#4 “We are striving for a more data-driven culture”

This is one of the most common statements I come across. What we see is that all companies have their own techniques and strategies that are meant to force this cultural change. Though when it comes to implementing, both on a macro and micro level, it’s starting to get difficult as the first step towards data literacy, sharing sensitive data is difficult in itself, and the time taken to get approval means that these projects get lagged.

The difficulty we see with companies is that they’re restricted internally with this data and need to apply some data masking to actually use it. This destroys its utility, and it still can be re-identified. We think that data literacy needs a revamp. Organizing datathons are a great way to put people in touch with what’s being measured, driving innovations and increasing data literacy. Using synthetic data sandboxes, you can maximize impact and even open up these events to external talent and academia.

#5 “We want to use real data in testing environments but have trouble gain accessing of this data”

We see many companies with the challenge of wanting to use real production data in non-productive environments, such as QA and testing. We can’t blame them either, as the challenge they have is wanting accurate data to test their applications, and we all appreciate how difficult this process can be. Some try to create their own solution or MVP, but that doesn’t yield the results they want. The data needs to be realistic to be properly used for testing environments.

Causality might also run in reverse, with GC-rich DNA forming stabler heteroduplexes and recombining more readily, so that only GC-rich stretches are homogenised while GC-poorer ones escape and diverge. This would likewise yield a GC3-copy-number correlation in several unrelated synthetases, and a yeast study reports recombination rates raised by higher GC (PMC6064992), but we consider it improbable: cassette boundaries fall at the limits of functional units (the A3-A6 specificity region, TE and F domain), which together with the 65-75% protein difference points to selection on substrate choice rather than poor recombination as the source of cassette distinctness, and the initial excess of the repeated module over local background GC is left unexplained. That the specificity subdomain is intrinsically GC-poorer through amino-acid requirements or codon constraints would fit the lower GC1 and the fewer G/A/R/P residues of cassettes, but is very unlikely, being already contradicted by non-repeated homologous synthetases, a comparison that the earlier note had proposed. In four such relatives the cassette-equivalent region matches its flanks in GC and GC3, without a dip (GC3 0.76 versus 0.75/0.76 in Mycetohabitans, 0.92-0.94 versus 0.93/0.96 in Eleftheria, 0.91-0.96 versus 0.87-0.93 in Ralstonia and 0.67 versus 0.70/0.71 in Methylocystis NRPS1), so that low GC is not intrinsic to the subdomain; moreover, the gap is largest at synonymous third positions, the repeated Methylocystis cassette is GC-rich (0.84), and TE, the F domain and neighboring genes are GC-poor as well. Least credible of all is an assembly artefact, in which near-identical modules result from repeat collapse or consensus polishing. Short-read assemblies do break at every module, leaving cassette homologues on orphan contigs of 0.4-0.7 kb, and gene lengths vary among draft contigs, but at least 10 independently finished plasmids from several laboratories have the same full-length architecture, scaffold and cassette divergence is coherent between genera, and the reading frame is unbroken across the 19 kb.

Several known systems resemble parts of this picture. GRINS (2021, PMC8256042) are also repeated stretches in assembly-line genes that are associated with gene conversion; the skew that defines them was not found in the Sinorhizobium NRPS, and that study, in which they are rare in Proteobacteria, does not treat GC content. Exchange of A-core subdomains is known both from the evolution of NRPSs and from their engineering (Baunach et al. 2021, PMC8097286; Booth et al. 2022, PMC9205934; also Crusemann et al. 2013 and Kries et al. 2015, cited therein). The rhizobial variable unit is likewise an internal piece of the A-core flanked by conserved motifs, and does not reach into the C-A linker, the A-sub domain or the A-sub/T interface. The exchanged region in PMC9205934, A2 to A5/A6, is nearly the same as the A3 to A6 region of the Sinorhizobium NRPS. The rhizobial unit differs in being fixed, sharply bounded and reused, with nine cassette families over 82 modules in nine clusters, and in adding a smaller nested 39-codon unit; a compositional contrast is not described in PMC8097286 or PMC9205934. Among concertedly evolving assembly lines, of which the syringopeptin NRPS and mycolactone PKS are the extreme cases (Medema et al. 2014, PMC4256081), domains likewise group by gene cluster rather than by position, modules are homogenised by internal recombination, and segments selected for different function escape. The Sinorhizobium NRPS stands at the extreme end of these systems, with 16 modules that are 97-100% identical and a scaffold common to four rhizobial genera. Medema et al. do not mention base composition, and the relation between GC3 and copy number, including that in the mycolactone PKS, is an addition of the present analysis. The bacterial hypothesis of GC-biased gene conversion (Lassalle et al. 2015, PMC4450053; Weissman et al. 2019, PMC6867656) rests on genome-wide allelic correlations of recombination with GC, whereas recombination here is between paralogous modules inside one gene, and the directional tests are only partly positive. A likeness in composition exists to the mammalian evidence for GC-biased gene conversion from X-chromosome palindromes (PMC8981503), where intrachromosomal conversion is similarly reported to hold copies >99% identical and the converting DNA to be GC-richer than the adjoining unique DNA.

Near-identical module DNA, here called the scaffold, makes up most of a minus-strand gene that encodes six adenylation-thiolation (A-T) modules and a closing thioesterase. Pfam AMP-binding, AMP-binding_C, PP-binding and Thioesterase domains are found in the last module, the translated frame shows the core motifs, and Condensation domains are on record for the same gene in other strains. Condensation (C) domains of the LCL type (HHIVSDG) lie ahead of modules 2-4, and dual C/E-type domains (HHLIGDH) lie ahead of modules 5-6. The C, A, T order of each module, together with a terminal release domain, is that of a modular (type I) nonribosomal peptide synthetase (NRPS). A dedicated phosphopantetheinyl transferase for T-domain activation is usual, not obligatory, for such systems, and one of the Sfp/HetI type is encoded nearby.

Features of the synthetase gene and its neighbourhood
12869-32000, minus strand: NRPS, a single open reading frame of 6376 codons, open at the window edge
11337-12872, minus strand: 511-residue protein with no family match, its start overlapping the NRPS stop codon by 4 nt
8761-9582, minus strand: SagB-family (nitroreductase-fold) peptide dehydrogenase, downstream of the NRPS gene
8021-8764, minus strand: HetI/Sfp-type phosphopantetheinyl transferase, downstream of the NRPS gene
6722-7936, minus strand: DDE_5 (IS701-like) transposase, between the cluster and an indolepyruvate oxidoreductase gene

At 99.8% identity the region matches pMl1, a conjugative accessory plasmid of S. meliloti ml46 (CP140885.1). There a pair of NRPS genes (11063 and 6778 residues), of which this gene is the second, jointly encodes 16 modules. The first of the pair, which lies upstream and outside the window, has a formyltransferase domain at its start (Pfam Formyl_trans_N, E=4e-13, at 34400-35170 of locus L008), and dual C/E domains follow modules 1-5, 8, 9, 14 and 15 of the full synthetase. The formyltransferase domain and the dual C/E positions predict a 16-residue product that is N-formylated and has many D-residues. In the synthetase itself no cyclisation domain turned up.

What’s more, most companies use partially masked data for testing, exposing production data and their customers’ privacy in the process. Production data has no place in testing, no matter how scrambled or pseudonymized it is. The only safe and GDPR-compliant way forward is to go synthetic, and those who act against the inertia of embedded bad practices will emerge as the winners, gaining a competitive edge through innovation.

The need for test data is one of the main reasons why clients come to us, wanting to solve this issue by using realistic and safe synthetic data through our MOSTLY GENERATE platform. They have seen improvements in the testing of their products and have reduced the time taken to manually recreate their data sets with dummy data internally. They are able to attain realistic synthetic data within a short period of time once the original dataset has been placed. The resulting highly realistic synthetic version allows companies to develop data-driven digital products, ready to serve real customer needs from day one.

Do you have a question? I’m happy to talk synthetic data with you. Please feel free to contact us!

Contact us to learn more. We are happy to get in touch! hello@mostly.ai